Thursday, January 23, 2014

Living Simply?

Last week, I was out wandering this fair city of mine via bike.  As you are likely aware, I signed myself up for a January challenge to see how many (non-training) cycling miles I could get in this month. One afternoon, I decided to check out a neighborhood that I always buzz past when I'm out on training rides in the summer months. Just wanting to see the 'hood, I decided to venture down several streets. Sam and I had actually looked at some of the smaller homes in the area when they were being built almost a decade ago, but things have definitely changed since the tract first started up. I was amazed by the number of gigantic homes in the area. They were so large that I actually believed they were condo/apartment complexes, but then realized that the structures had only one large garage attached and came to the realization that they were actually single family residences. I estimated that some must have been closing in on 5-7,000 square feet between the main level areas and basements.
This home has some gorgeous views of the mountains, I would presume (though it was outside of the neighborhood I was pedaling through).
Caught up in the grandeur of it all, I kept pedaling, wondering if all the homes were so large. It's quite a stark contrast to the neighborhood I reside in, which mostly contains homes under 1,000 square feet. True, most of those in our area were built prior to 1940, and it was a completely different time that had different needs and requirements in a home, but I nearly found myself gasping at the size of some of these, what I would term, "estates" rather than houses. I certainly don't begrudge anyone their home, and if they can afford to purchase a house of such size, I am by no means stating that they shouldn't own it. However, I couldn't help but think about the massive economic differences just a few miles makes in one city.  Because my mind wanders when I ride, I couldn't help but ponder what these individuals careers might be and how anyone locally could have enough income to support what I assume must be quite a substantial mortgage.
This is an adjacent neighborhood, in the processing of being built. For some parts of the country, I am aware that a $700k starting price doesn't seem so outrageous - and I suppose for this area in our county/city, it wouldn't be either - but it is definitely not accessible for most of the population.
As I continued to ride and twist through the neighborhood, I passed a home with a 4-car garage and a single open door that revealed an array of sundries being stored. At the opposite side of the driveway sat a late model, mid-level vehicle. As I slowly pedaled by, I noticed a bumper sticker on the rear of the car that read, "Live Simply." The sticker caught me so off guard that I actually laughed aloud. Then, I started to think... perhaps for this family this is living simply? Maybe they once had an even larger home with more "things" that this now seems to be a pared down life for them? After all, I have an acquaintance who recently shared that she was "downsizing" her family into a 3,000 square foot home. While it may seem mansion-esqe to me, for her it was a huge adjustment to fit life into a smaller space. Still, she has never once stated that she is learning to live a simpler life with the move. Is it really possible that this is living "simply" for some?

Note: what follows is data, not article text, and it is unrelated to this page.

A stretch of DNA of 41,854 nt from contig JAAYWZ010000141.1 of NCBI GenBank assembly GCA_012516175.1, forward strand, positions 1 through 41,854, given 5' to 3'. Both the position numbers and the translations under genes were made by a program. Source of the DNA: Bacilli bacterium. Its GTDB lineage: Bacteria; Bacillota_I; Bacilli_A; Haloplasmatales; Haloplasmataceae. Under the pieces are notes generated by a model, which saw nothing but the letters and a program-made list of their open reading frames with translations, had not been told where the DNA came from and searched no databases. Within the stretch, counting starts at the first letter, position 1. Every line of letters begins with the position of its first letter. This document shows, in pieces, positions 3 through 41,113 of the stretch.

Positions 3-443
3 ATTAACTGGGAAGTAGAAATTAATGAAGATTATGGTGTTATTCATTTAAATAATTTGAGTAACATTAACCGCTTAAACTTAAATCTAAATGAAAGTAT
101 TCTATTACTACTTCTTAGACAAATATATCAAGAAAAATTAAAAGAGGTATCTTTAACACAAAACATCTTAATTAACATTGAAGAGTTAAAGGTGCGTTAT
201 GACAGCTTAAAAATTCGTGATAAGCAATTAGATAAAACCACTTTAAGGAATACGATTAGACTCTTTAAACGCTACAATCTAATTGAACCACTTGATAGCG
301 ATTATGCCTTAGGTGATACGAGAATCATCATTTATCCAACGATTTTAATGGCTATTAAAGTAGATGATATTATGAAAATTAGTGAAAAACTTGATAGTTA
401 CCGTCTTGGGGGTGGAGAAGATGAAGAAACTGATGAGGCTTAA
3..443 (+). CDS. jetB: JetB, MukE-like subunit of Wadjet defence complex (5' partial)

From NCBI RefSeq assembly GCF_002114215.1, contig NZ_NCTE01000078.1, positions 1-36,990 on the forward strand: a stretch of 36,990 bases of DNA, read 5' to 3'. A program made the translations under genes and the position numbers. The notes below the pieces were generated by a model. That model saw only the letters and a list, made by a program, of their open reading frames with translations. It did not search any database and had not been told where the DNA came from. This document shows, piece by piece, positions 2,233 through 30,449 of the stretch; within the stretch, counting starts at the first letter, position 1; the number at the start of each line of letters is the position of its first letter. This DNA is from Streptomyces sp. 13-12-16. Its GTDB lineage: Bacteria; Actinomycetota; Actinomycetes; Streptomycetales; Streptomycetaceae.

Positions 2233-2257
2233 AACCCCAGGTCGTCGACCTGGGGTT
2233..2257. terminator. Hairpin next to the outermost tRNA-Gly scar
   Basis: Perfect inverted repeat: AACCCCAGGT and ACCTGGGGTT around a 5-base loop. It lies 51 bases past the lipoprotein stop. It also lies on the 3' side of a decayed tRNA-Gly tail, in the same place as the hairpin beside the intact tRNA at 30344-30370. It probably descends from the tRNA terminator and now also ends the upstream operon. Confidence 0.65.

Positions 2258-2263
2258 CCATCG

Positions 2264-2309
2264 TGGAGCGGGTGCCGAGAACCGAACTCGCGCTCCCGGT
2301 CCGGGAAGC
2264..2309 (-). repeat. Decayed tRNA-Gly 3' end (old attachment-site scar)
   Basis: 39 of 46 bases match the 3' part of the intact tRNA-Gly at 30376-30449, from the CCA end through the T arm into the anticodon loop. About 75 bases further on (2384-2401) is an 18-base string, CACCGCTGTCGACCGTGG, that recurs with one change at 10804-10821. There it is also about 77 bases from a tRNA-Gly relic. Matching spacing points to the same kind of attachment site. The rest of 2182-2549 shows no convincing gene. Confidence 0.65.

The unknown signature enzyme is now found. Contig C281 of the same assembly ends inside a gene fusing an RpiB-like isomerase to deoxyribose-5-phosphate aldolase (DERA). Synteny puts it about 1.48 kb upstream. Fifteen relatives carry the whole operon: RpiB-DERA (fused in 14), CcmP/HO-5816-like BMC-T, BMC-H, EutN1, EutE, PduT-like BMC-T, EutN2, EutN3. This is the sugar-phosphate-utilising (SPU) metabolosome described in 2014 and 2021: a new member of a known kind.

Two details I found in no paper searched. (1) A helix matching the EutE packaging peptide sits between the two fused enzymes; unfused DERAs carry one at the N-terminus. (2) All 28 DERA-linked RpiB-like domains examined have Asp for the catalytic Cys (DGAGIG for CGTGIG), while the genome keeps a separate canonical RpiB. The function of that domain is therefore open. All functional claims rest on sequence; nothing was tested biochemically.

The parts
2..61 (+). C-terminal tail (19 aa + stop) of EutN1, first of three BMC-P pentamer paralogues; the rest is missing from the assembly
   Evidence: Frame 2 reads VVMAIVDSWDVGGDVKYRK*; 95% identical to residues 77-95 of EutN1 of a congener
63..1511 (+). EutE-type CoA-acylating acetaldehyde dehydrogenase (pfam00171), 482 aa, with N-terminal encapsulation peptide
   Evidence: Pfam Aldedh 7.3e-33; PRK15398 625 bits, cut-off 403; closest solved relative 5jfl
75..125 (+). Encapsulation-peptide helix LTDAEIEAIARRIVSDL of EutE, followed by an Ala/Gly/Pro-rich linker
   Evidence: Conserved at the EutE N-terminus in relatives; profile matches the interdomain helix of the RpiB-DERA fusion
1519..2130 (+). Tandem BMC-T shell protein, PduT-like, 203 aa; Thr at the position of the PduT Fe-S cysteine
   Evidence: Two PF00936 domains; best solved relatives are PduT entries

All of this had me thinking about how one defines such a thing as a simple life. Is there any one definition that can be universally acknowledged? When Sam and I moved to our current home a few years ago, we knew it would be a smaller space in order to live in a location that we deemed desirable for our lifestyle. We also wanted the mortgage to be affordable so that I could attempt to make it in a career that has incredibly unstable/unreliable income. I don't know that we ever actually said the words that we were looking to live a simple life, but in essence, we knew that we would have to donate excess items and any time we wanted to bring a new item into the house, something else would need to be donated or sold because there just isn't space to house superfluous items. I don't view this as giving up anything, but rather a choice that we made to (hopefully) provide a better life. I don't feel as though I'm lacking anything, but maybe it's because I haven't ever had that sort of life? I think for some people a simple life has very different meaning, or perhaps the saying/term is reserved for certain portions of their lives.

Perhaps riding a bicycle is part of a simple life to one person, while someone else considers a bicycle a sign of prestige, wealth, or something else entirely. After all, I live in the land of people who frequently own bicycles worth 2-3 times the cost of their motorized vehicle(s). I often wonder if some of these folks realize how truly simple riding a bike can be, and that it doesn't take a great deal of monetary investment to participate in a great means of transportation, fitness, and pure pleasure.

4 comments:

  1. Great observation! It's all relative.

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  2. People do not live simply, It's so very, very complicated. Particularly when it's accessible, you live above and beyond what is necessary. Bikes are the beauty of simplicity.

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  3. I have those moments quite often here in Nashville as well. It blows my mind at how big the houses are and how vulgar it seems sometimes... then I wonder how the hell these people afford to live like this.

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  4. i agree. The bigger the house, the more "things" you need to buy to fill the house. A smaller home forces you to make do with what you have.

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